Sunday, July 26, 2009

2009 08 02 - Rugby, Pioneers, Music & Missionary Work

Dear Family & Friends:

Happy Birthday Chris! You are my favorite son-in-law!

We had an unusual music appreciation in Relief Society this week, which both illustrates how unselfconscious Zulu people are about sharing spiritual thoughts and feelings, and helped me look at a scripture story in a new way. Sister Thandi told the story of the blind man who cried out over the people's objections, so that Jesus would heal him (Mark 10:46-52). Then she sang a very simple song (in Zulu) which I assume was about his plea. The message obviously had a real, personal impact for her, as she had a very hard time getting through it. It was very moving - and got me thinking about having our "spiritual" eyes healed so we can see. I know that it wasn't exactly what the Relief Society Handbook has in mind for music appreciation, but as a testimony, it was wonderful.

Brother Dan (Botha) in Pinetown Ward has built 9 handcarts for the Hillcrest Stake Trek. He wasn't a woodworker in his profession, but took it up after he retired. He has built cabinets and all kinds of things before this. He told me that the man who helped provide resources for building the handcarts runs a "Pioneer Heritage Park" sort of place at Baynesfield, the home of South African pioneer Joseph Baynes ( It features a museum, working blacksmith & woodcrafters, a dairy, gardens, a house tour, and displays of vintage tractors, a steam engine - and now a handcart with an explanation and picture of the Mormon pioneers! He was very taken with the story of the pioneer trek, so the Church has a new (very mini) visitor's center. Oh, and if you'd like to come, the next big event at Baynesfield is Spring Day - on October 11th!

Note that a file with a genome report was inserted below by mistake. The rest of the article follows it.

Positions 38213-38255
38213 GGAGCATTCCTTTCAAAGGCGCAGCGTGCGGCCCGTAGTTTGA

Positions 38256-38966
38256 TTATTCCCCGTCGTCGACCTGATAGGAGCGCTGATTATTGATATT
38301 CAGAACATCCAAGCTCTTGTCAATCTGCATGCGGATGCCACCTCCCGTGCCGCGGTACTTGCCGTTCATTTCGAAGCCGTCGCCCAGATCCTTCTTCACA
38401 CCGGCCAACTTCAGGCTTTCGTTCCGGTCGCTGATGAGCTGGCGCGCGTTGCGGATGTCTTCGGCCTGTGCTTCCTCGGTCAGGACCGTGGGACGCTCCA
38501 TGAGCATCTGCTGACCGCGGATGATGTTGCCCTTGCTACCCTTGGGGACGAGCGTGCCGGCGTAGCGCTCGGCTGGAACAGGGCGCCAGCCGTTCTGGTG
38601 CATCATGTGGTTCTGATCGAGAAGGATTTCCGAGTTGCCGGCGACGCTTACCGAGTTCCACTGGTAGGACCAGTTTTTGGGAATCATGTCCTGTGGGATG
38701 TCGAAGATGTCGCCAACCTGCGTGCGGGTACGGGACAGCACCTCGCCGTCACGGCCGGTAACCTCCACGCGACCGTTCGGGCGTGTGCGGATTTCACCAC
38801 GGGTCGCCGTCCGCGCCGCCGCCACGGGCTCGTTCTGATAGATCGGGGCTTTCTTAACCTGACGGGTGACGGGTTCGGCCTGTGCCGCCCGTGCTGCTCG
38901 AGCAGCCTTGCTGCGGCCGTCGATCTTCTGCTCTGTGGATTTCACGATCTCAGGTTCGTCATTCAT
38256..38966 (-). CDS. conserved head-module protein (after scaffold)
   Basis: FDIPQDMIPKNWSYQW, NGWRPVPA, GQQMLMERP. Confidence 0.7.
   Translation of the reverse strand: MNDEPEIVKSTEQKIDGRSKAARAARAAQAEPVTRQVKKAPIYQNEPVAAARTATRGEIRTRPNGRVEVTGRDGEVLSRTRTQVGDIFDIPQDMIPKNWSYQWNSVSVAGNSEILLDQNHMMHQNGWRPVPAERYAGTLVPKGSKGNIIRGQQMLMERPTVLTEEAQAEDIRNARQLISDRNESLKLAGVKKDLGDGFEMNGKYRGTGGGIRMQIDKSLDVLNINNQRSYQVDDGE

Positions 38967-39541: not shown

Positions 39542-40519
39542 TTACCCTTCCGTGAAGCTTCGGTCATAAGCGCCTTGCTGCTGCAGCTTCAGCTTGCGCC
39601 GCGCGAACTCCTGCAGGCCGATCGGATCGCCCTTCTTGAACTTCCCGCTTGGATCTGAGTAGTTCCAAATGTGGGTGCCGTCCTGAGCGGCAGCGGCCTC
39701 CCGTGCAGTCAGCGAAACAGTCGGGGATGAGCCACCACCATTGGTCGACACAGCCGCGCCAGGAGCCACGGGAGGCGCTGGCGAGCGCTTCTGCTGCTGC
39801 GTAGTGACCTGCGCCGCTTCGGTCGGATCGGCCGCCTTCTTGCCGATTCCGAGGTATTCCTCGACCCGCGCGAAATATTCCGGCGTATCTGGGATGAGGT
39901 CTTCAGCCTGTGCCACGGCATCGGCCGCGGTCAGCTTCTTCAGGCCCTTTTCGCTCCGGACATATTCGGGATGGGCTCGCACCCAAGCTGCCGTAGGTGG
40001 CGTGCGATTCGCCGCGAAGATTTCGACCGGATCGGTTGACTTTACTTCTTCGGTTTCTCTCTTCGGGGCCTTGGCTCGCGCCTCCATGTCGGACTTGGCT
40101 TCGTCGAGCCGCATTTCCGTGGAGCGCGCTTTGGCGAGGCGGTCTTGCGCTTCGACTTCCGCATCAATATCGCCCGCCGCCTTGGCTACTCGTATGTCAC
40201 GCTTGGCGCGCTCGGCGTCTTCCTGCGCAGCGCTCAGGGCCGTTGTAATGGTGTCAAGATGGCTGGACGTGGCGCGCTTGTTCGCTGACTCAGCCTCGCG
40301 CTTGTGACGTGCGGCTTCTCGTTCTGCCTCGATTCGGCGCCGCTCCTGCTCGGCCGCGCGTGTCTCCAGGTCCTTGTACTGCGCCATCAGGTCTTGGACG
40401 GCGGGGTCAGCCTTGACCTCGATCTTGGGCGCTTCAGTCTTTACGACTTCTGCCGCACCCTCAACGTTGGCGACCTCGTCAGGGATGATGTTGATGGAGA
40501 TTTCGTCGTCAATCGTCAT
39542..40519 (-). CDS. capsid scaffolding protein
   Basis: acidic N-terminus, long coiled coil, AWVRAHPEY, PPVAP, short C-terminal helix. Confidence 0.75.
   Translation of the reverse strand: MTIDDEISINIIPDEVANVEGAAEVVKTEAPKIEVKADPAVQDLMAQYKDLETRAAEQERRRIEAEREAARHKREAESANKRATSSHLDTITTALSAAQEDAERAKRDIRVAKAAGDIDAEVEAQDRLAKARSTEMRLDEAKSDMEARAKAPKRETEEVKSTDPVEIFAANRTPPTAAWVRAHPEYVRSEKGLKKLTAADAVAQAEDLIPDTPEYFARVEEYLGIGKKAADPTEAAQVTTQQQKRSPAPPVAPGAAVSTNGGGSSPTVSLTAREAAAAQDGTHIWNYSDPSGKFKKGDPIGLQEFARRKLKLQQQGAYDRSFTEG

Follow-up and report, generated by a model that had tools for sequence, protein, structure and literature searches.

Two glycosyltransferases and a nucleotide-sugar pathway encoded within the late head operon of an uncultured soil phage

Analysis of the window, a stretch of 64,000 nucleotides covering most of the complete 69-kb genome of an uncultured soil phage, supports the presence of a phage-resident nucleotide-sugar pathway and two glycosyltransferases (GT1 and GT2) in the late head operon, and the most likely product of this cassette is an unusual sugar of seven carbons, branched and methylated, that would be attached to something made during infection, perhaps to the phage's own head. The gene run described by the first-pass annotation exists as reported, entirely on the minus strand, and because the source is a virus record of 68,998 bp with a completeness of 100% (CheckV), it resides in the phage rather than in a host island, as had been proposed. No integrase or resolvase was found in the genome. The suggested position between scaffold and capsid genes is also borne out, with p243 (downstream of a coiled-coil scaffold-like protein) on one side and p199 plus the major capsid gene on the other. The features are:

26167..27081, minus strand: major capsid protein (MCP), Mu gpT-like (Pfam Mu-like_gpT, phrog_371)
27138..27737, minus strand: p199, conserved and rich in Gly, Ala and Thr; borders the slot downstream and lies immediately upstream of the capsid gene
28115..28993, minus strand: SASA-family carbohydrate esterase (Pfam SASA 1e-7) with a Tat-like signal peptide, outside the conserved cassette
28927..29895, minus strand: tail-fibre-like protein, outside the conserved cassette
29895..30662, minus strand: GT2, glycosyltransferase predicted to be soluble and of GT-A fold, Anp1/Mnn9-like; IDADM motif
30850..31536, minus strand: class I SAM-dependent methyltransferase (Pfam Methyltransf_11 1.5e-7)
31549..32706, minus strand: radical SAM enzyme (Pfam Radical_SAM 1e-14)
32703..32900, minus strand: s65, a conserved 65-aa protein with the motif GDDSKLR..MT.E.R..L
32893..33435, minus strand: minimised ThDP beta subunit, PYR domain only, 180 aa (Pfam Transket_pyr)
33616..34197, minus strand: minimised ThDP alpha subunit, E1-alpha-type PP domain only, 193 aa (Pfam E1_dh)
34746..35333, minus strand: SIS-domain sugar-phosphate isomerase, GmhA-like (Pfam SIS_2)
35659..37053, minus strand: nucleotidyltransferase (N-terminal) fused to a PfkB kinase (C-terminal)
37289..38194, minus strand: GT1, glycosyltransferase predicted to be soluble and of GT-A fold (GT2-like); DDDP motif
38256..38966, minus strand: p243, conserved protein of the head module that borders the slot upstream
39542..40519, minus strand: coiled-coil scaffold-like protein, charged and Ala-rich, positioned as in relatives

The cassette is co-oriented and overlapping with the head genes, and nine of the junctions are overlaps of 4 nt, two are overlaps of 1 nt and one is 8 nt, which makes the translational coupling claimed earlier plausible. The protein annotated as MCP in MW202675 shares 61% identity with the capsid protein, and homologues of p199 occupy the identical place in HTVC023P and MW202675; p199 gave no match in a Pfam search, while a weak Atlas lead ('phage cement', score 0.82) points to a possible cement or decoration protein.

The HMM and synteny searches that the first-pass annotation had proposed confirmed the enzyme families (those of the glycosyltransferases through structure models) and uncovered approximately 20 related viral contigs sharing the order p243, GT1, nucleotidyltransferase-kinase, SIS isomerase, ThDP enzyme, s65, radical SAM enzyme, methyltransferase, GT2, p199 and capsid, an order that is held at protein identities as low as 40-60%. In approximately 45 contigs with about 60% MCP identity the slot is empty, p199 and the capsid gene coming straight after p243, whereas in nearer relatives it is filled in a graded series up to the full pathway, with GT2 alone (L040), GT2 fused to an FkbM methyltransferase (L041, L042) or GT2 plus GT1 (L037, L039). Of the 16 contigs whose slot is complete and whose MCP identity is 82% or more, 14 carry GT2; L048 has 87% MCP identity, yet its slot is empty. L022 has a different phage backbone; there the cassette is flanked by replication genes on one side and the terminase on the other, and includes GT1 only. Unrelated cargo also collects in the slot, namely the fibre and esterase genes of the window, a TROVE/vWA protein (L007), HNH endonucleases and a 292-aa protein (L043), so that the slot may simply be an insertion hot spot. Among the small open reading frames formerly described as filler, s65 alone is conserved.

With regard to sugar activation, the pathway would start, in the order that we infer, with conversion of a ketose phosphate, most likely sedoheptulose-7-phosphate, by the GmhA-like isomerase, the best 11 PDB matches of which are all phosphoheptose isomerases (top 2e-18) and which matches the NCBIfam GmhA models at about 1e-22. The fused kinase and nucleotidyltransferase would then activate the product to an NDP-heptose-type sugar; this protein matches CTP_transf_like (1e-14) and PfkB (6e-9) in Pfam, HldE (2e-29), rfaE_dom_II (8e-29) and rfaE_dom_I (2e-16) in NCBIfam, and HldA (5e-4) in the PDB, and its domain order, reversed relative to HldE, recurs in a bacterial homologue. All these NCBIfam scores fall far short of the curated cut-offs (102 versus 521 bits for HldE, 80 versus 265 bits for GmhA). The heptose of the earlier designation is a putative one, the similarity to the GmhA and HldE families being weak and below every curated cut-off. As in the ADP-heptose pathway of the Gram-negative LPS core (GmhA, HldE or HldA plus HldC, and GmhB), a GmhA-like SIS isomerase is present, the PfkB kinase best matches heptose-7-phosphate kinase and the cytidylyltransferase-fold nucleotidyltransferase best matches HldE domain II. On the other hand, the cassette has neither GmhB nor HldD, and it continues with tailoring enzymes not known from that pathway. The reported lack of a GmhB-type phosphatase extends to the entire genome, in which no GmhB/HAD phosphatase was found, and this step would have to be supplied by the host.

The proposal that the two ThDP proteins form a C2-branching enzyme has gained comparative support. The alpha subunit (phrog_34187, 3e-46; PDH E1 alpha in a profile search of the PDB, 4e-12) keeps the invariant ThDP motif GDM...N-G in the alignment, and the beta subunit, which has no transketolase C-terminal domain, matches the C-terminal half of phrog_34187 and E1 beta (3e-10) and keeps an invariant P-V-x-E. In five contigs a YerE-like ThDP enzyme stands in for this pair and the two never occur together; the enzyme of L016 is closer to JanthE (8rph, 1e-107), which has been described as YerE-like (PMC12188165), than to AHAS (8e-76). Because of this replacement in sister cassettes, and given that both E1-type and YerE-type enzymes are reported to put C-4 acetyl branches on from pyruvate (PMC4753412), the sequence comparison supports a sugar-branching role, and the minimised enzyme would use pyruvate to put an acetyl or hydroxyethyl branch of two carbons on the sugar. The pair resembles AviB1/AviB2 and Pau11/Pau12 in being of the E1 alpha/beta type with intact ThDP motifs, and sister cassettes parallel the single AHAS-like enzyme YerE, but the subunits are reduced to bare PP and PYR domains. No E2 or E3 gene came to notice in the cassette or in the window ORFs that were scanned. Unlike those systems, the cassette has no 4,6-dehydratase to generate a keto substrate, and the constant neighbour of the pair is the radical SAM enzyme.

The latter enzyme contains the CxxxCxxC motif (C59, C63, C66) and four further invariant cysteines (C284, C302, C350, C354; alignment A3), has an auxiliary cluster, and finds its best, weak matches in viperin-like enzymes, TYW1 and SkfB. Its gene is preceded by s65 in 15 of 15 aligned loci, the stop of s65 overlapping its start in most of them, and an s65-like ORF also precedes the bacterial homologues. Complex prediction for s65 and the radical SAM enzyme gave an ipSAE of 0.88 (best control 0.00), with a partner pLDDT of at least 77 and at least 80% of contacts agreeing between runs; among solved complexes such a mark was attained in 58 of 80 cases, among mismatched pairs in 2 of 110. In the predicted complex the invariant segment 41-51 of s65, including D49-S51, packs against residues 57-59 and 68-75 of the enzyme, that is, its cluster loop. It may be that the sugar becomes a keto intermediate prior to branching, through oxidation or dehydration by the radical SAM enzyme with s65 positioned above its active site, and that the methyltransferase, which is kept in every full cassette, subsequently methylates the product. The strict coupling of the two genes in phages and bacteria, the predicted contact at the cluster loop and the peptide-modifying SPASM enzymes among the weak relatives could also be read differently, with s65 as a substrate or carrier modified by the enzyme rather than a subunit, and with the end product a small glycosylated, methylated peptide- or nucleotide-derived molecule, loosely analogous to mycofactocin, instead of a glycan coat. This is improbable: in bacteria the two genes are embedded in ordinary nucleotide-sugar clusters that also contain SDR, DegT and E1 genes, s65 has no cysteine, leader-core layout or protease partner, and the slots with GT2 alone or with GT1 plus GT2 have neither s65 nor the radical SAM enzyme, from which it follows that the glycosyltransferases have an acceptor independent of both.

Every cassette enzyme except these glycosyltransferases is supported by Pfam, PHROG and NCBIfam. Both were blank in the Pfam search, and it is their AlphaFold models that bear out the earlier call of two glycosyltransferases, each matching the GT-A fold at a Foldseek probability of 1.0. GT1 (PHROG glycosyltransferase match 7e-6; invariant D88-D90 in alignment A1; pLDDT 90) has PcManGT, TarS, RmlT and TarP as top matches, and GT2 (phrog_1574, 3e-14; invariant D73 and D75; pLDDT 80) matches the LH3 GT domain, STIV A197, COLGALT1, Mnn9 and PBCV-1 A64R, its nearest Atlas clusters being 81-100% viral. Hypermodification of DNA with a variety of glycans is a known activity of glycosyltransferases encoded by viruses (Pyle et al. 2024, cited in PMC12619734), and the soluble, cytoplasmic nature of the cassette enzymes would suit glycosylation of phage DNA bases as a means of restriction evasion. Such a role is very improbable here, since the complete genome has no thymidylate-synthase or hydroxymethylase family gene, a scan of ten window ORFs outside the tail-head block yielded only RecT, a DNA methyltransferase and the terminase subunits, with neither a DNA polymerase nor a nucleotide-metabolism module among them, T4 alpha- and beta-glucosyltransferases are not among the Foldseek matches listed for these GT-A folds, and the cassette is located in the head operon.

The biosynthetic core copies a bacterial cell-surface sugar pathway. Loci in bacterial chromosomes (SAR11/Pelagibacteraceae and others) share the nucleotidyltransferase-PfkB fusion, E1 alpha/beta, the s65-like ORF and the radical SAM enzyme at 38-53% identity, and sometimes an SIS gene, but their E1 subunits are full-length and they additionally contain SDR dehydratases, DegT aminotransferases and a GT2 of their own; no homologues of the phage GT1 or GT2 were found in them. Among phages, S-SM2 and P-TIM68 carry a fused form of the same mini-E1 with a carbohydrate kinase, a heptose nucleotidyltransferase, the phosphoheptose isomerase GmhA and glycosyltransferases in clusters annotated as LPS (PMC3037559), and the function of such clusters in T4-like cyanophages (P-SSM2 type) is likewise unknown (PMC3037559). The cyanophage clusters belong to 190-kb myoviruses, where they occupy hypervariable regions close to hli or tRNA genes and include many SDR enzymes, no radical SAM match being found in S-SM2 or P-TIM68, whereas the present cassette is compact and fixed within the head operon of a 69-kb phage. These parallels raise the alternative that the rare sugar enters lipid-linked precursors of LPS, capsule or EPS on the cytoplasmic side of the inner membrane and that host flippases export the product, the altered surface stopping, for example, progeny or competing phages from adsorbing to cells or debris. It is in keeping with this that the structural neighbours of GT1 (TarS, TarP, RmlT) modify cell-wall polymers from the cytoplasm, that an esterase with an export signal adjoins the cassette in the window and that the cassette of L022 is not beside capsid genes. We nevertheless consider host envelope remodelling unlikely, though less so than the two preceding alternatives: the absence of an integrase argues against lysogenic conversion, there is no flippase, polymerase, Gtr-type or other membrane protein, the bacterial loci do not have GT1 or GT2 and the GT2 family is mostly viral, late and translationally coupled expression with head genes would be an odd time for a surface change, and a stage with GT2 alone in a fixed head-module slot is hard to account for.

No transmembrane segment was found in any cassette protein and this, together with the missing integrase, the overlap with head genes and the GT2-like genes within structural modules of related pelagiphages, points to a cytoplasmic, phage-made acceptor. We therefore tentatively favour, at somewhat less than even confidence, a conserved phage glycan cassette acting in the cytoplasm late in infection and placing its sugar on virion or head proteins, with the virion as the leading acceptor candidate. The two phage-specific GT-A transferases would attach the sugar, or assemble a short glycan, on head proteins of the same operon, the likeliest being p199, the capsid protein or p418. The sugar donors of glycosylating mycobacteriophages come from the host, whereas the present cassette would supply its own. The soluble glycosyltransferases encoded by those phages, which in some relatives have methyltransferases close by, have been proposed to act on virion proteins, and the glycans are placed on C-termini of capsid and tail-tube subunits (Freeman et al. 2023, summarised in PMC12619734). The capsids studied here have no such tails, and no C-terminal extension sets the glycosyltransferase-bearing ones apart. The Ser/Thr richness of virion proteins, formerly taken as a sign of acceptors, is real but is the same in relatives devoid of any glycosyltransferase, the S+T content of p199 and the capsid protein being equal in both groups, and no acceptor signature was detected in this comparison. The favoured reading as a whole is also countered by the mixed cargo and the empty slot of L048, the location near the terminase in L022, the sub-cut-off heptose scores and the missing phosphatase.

I'm starting a file of recommendation letters for elders who are gaining experience acting as EMTs and doctors for companions who are injured or ill, and taking trips to the hospital with them. A few that come to mind in the last several weeks: Elder Brusch, Elder England, Elder Reeves, Elder Dygert, Elder Crowther, Elder Lwanga, Elder Schmitz, Elder Waterbohr, and ALL the couples! In addition to our informal missionary doctors, we have a roster of approved hospitals and doctors that we use, and add specialists as the need arises. I saw the dermatologist last week, and he spoke very highly of the missionaries he has known in Chatsworth. Then I told him about the Church's humanitarian efforts, and he told me about the Islamic humanitarian association he belongs to. There is a clinic in Durban that he visits once a month to do free exams and procedures. They have nurses there, and various doctors come in and donate their time and expertise. They are just expanding into a cataract service - they should contact the Nields in Harare for pointers! Eyes for Zimbabwe has done hundreds (maybe thousands!) of free cataract operations over the years!

I had a great time on Monday going to the Sesalos recording studio and watching Elder Nare make a cd. Sister Johnson accompanied him, and Elder Johnson was coach, page turner, and cheer squad. I was impressed by the way Brent, our sound engineer, could replace one or two notes if needed, to make the finished product just right. He told us that none of the cds we buy are "real". There is endless tweaking and correcting to make the performances spectacular. You can click up above to hear one of Elder Nare's songs.